Home » Android » Native iOS/android application to Windows Phone

Native iOS/android application to Windows Phone

Posted by: admin June 15, 2020 Leave a comment

Questions:

I have an iPhone application (with an android counterpart), developed in Xcode and written in Objective-C. It is a classical native iOS app, already working and uploaded in the App Store. Similarly, the android version is built with Java and linked with the android SDKs. It’s uploaded to the market place.

I was asked to port the app to Windows Phone. Is this possible without modifying the code?
I am not familiar with Windows Phone dev, however it looks like that is a completely
separate ecosystem for developing apps (different programming language, different IDE, different app store etc).

Can I go from Android to Windows Phone or from iOS to Windows Phone?

PhoneGap – or similar platforms – are not options since the code is already written in Objective-C and Java.

How to&Answers:

Like iOS and Android, Windows Phone is a completely different operating system and currently requires a completely different development platform.

It is not possible to take the existing code and make it function on a Windows Phone.

  • iOS commonly uses Objective-C for application development . Even if there was a way to compile Objective-C onto a Windows Phone, it would be inherently tied to platform features, and UI controls. While you could write some code in C++ and share it, with an iOS application, you’ll still need some in Objective-C.
  • Android applications use Java normally. Java is not available for the Windows Phone platform. So, the language is out. Further, like iOS, the platform features are not necessarily shared and the UI control and behaviors are different. Android applications can use C++ (if you happened to code using it), but it has limitations, and by using it, again, you’d be tying the code to the Android platform potentially. Some code may be portable.
  • Windows Phone applications are usually written in C#/C++ and XAML or DirectX. While there is some similarity in languages (Java and C#), you’ll encounter far more platform differences that could need significant effort to convert. From the way network requests are made to handling threads will be different (and many many more). Objective-C is also very different from C++.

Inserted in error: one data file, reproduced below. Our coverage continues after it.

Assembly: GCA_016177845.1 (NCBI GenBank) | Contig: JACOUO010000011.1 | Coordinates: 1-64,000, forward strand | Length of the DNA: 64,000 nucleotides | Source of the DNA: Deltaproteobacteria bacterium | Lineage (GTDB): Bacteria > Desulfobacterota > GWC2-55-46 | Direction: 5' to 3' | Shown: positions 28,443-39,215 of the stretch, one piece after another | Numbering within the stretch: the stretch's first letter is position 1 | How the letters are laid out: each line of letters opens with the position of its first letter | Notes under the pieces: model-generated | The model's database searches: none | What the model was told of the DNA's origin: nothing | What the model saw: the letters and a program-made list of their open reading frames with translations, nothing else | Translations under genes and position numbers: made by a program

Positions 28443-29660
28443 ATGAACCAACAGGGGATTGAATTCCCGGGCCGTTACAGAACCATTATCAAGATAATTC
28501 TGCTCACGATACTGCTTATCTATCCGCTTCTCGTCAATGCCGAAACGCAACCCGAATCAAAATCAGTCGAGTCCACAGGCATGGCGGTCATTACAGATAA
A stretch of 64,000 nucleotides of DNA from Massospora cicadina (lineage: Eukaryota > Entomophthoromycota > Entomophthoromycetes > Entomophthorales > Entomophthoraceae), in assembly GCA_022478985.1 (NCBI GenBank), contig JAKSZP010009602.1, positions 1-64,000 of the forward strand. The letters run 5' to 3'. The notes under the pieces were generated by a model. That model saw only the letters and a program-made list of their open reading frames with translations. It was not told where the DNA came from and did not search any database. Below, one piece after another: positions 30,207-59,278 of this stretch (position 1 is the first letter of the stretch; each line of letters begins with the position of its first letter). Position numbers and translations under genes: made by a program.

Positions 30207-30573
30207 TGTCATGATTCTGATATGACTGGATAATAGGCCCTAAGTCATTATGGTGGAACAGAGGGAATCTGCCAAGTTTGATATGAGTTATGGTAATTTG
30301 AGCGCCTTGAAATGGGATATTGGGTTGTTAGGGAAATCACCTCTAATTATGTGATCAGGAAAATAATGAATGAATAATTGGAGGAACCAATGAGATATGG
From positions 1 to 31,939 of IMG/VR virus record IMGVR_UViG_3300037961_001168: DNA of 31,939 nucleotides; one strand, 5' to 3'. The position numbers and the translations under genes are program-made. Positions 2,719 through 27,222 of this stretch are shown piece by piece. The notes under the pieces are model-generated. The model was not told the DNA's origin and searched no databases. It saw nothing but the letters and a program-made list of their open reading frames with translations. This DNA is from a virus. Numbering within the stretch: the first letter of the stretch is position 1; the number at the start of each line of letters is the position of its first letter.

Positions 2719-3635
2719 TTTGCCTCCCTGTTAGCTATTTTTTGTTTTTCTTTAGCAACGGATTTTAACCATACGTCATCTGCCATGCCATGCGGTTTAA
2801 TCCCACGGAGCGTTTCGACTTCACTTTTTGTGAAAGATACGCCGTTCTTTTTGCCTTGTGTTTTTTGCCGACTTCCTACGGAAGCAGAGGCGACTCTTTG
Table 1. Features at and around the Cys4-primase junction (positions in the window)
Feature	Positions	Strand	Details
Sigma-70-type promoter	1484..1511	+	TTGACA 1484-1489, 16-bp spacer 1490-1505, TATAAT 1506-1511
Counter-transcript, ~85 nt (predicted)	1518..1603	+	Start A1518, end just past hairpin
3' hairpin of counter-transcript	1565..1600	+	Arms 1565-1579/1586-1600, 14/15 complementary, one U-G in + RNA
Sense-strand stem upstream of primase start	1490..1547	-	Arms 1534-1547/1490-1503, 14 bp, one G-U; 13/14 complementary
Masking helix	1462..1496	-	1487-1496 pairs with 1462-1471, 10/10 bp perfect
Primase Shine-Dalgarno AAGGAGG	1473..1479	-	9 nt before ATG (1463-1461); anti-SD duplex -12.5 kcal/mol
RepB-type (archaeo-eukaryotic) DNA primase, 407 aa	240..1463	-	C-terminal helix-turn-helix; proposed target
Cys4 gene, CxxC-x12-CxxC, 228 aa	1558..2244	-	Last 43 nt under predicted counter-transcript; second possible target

Unless you had used something like Xamarin and written the underlying business logic using a common platform (C#/.NET), you’ll need to consider a port to Windows Phone a fresh start.

It’s not possible to just reuse all of the code that’s been written. With a careful effort, you could share some common code (if it were written in C++), but as the shared code will not directly work with UI (and other platform features), you’d still need to do the UI on each platform, work around limitations, and potentially customize the user experience for each platform.

Microsoft has provided some guidance on porting, and provided some links with an API equivalency table here.

Answer:

Yes, you can use Microsoft’s Windows bridge for iOS to convert your iOS application code to Windows mobile platform code.

You need to use WinObjC SDK provided by Microsoft for this purpose.

Follow this link for more details.

Answer:

No, you can’t, WP apps are build with c# or .net and in visual studio IDE. There is no automated way to port a previously coded ios or android native app built with objetive-c or java to WP.

Answer:

In my opinion there is no way to directly port a iphone app to windows phone app. You need to develop windows phone app with its needed environment like Visual Studio , windows phone sdk and with windows os.

You can also use cross platform like phonegap if it may fit to your requirement.

Answer:

It looks like you have an existing Obj-C codebase for iOS, and a Java codebase for Android. No matter how you cut it, you’re looking at [re]writing code to get something on WP8.

I don’t know how “UI heavy” your app is; in general the UI code is the most platform specific (unless you’re willing to put up with “cross platform” stuff that might not have good UX).

You might consider keeping the non-UI code mostly plain C++ and using Obj-C, etc. only for the parts where you have to talk to the framework. It will be easier to support multiple platforms with C++.

I took this approach with an app I’m working on; it’s targeted for iOS but it’s about 80% C++ (including Open GL). If I decide to port to Android I just need to deal with the 20%, mostly UI-ish code.